After the massacre, Kart received an outpouring of support from strangers all over the world. Each day, hundreds of cards, gifts and flowers arrived in the mail. At first, she said she was confused by the mail, wondering how so many people found her. But then, it became the thing she looked forward to the most each day. The messages of sympathy and condolence continued for nearly a year after her father’s death. Today, Kart practices small acts of kindness in her daily life and attends services at Beth El to honor her father’s memory.

Andrea Wedner shared a similar experience. In the film, Wedner said she was transported by ambulance to her own mother’s funeral, because she was still recovering in the hospital after being shot. Her community started a food chain for her. Each night a different person would bring her meals when she was injured, unable to cook, and grieving the loss of her mother, Rose. This support, she said, “was a very big part of me getting through it.”

When questions were opened to audience members, one man asked a question directed at students on the panel. He wanted to know what, if anything, they remembered of the day of the shooting. Eighth-grader Eden Cheng was the first to speak up.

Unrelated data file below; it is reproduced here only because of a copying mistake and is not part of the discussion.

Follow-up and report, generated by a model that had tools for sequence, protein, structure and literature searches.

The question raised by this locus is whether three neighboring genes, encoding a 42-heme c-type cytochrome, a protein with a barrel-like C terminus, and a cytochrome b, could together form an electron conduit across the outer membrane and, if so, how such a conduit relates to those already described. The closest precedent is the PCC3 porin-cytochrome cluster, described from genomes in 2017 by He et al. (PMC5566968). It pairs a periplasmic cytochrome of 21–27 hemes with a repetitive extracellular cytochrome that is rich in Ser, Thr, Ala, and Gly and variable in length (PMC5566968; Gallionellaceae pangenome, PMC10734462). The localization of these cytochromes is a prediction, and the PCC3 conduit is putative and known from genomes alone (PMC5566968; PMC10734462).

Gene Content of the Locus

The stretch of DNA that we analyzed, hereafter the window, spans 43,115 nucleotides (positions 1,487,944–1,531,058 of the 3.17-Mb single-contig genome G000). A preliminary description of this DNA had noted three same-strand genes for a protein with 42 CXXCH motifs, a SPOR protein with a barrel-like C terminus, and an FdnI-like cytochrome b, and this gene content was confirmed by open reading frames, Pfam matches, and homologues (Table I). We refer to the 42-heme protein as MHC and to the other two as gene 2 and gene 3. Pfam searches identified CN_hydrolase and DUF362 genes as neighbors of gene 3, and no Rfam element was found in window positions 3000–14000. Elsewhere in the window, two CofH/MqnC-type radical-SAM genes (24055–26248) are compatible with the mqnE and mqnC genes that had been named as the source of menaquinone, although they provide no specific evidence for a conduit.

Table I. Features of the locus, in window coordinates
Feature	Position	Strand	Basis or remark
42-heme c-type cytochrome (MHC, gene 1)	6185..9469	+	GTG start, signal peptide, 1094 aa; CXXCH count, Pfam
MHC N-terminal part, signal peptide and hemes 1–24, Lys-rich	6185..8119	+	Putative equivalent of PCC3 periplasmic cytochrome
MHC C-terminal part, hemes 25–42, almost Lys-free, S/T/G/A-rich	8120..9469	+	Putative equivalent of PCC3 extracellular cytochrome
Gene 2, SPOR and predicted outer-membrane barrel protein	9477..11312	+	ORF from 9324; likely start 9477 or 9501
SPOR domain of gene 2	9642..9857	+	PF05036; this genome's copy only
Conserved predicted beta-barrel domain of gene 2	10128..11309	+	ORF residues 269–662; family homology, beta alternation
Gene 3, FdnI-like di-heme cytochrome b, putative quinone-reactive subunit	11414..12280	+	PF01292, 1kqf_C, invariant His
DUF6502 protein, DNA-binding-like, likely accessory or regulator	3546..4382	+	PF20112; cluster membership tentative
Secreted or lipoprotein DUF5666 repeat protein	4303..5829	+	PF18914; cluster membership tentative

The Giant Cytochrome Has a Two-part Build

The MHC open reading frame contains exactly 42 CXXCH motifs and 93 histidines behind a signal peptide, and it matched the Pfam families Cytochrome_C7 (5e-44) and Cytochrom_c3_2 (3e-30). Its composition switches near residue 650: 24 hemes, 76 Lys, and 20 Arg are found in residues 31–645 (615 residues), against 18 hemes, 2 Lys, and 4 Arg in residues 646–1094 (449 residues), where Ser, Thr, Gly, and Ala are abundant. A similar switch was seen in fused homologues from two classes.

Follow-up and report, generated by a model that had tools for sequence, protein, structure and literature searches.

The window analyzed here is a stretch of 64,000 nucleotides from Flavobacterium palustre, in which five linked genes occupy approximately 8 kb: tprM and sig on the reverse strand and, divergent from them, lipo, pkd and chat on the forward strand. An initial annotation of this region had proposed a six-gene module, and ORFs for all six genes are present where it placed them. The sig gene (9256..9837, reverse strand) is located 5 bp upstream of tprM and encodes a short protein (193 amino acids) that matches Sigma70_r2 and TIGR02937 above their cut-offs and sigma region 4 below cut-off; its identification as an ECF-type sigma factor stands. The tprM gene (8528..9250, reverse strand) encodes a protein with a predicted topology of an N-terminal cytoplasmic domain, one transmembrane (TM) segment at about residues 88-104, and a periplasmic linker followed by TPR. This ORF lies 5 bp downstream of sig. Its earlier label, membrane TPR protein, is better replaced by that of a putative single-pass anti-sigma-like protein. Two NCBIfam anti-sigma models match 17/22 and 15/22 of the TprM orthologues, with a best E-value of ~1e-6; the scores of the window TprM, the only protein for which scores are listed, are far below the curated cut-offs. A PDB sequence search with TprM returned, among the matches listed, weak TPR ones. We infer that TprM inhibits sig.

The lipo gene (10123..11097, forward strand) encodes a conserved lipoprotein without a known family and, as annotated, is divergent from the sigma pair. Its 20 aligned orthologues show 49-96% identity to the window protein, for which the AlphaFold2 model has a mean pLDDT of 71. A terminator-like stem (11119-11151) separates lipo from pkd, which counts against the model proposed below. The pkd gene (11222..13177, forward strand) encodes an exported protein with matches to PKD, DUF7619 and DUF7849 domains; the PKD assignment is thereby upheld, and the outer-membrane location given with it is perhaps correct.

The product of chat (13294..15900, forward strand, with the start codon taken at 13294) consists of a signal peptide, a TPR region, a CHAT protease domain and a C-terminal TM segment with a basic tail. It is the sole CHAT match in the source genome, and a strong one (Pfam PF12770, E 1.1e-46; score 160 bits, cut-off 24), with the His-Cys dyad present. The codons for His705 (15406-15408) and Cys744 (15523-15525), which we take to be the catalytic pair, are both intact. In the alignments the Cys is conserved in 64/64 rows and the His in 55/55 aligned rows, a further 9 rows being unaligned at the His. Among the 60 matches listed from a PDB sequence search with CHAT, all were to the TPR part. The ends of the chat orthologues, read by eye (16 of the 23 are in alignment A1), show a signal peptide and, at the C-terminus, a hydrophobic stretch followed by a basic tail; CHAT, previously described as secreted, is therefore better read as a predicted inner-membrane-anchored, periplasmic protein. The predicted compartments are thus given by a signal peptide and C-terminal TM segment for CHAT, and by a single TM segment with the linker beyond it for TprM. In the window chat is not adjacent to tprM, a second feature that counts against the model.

She remembers the day clearly. Her family wanted to start attending synagogue service in Pittsburgh, but then the shooting happened. Ever since, Eden said she’s been afraid to go to a synagogue, wondering if it would happen to her next. “I can’t connect to my roots. My mom is Jewish, and it really scared my family, especially me. Because I wanted to be Jewish, but I haven’t been able to.” The Pittsburgh synagogue shooting happened when Eden was in third grade, only 8 years old, and it continues to affect her today.

Eden Cheng, Mellon Middle School student, shared her experience in the LIGHT Initiative.

Adult panelists were moved by her emotional and candid response. Jodi Kart took a microphone to respond to Eden. “I relate to you, so much,” said Kart. “But when I go to services now, for me it’s about finding peace. I’m not going to let evil take that from me.”

Eden Cheng is part of the LIGHT Initiative at Mellon Middle School, which is a regional effort to educate students on human rights and genocide, and empower them to stand up to bullying and prejudice. Cheng said, “LIGHT promotes being an upstander,” rather than a bystander. This year, Mt. Lebanon students in LIGHT led clothing swaps, participated in summits, and taught lessons to younger students on the dangers of stereotypes, microaggressions and hate.

Panel moderator Maggie Feinstein said “Young people and communities can respond to hate in small ways. We’re all part of prevention efforts.”

Andrea Wedner shared a similar sentiment. “I’m grateful for life. I look for the good in everything and try to send that through to other people.”

The film ended with a Jewish saying: tikkun olam, the Hebrew phrase that means “repairing the world.” The panelists and survivors said sharing stories, remembering loved ones and educating against hate are all ways to do just that.

Repairing the World: Stories from the Tree of Life. Learn more at